At entrances to many state parks, guests are notified about a specific closing time for the park. Unofficially, Watoga has always welcomed visitors after hours at designated stargazing locations, so long as they are not being intrusive to overnight guests in the campground or cabins. That policy will become official as more nighttime visitors are expected with the IDA designation. The Watoga crew will patrol to ensure visitors are being respectful to the park and to overnight guests. 

Signage will soon be in place, marking the state park as one of fewer than 200 certified IDSPs in the world. A local grant has provided funding for upgraded entrance signs as well as an interpretive standalone kiosk near the administrative office, which will outline the concept of dark skies. “We hope it will catch the attention of people who aren’t looking for it,” Spencer says. “They’ll see an attractive sign and then they can learn more.”

Dark Sky programming will also be incorporated at Watoga. Telescopes have been purchased for viewing parties and stargazing parties. Spencer works closely with the West Virginia Department of Tourism to ensure the latest events, activities, and programs are posted on the state park website, He says folks who are interested should check the site regularly for updates.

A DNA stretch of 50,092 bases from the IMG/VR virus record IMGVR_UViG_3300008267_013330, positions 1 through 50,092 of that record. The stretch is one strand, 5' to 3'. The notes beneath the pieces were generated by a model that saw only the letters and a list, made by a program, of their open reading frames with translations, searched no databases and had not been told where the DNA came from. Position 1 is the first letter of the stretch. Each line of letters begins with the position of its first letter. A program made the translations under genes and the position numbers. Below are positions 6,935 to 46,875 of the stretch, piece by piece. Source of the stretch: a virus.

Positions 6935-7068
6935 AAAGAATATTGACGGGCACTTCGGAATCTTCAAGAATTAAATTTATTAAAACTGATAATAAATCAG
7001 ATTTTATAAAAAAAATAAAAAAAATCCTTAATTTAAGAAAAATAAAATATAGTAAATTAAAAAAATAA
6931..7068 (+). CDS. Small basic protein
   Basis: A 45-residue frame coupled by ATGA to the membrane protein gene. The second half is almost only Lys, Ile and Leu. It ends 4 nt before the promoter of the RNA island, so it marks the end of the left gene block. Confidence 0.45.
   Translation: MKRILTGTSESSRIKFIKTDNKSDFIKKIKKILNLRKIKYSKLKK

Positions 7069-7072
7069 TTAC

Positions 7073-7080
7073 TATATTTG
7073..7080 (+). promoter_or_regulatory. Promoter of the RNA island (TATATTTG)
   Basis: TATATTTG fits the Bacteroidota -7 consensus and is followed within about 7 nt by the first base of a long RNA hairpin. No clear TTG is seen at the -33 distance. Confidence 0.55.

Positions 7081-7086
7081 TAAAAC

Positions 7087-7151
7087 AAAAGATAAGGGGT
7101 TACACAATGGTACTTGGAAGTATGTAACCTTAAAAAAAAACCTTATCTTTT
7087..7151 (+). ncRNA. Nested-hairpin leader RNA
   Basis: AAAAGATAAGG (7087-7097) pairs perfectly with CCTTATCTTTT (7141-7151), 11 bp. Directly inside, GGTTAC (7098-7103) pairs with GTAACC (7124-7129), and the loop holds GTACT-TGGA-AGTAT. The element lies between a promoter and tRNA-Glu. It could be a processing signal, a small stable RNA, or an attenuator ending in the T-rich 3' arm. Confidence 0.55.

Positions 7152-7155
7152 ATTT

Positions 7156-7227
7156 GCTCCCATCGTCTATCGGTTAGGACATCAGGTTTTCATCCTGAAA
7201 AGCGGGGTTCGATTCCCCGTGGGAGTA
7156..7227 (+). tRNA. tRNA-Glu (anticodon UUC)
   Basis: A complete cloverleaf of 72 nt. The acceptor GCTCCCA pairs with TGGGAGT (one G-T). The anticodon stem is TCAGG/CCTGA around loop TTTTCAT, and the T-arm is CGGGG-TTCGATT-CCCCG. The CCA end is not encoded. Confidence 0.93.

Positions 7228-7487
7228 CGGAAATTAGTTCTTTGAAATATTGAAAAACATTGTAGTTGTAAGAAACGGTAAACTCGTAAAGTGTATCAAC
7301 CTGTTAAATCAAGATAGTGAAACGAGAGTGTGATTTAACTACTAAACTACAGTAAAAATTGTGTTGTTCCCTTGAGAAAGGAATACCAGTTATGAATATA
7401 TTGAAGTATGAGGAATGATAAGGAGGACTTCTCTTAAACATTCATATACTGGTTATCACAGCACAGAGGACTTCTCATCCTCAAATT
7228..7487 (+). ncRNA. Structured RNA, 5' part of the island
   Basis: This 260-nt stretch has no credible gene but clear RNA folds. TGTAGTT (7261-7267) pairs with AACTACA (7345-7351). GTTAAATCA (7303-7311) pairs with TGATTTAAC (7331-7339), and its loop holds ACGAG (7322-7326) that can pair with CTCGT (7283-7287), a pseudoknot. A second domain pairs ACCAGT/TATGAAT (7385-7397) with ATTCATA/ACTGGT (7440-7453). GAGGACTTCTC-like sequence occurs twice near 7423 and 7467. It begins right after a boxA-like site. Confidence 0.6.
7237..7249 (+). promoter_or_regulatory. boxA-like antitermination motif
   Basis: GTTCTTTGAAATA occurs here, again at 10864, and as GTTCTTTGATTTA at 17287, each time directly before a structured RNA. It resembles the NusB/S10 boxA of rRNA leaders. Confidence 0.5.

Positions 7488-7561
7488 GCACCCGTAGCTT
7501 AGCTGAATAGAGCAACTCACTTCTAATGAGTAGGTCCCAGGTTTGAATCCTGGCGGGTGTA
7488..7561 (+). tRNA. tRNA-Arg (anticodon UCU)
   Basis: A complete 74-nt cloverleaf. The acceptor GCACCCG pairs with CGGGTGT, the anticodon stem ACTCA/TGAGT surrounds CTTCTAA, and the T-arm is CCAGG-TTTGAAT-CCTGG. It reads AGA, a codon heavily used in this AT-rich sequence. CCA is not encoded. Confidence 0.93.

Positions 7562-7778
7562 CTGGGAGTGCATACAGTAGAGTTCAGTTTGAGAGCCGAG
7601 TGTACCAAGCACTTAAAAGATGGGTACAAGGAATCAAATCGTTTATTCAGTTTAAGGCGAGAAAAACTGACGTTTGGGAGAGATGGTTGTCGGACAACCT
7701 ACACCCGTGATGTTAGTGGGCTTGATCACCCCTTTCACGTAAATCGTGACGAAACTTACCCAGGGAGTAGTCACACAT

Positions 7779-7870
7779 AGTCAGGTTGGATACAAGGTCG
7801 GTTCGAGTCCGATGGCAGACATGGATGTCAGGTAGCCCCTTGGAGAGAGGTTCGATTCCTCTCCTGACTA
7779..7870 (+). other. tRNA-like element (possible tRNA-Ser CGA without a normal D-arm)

Watoga will also be listed on the IDA site,, joining the likes of Grand Canyon National Park, Joshua Tree National Park, and others. “That’s one of the benefits of an IDA designation,” Spencer says. “We’ll be placed on certain lists and certain sites, so folks who are familiar with dark skies or astronomy will see that our park has met these certain standards.”

While Watoga is the only state park to seek the application to date, two adjacent state-managed areas also received designations as part of the application—Calvin Price State Forest and Droop Mountain Battlefield State Park. Deputy Chief of West Virginia State Parks Brett McMillion expects other applications may follow. He notes that Pipestem Resort State Park has also been mentioned as a potential candidate. 

“It continues to show how West Virginia State Parks are always looking for ways to appeal to guests and to provide a variety of offerings,” McMillion says. “This project designation relates directly to our mission of conservation.”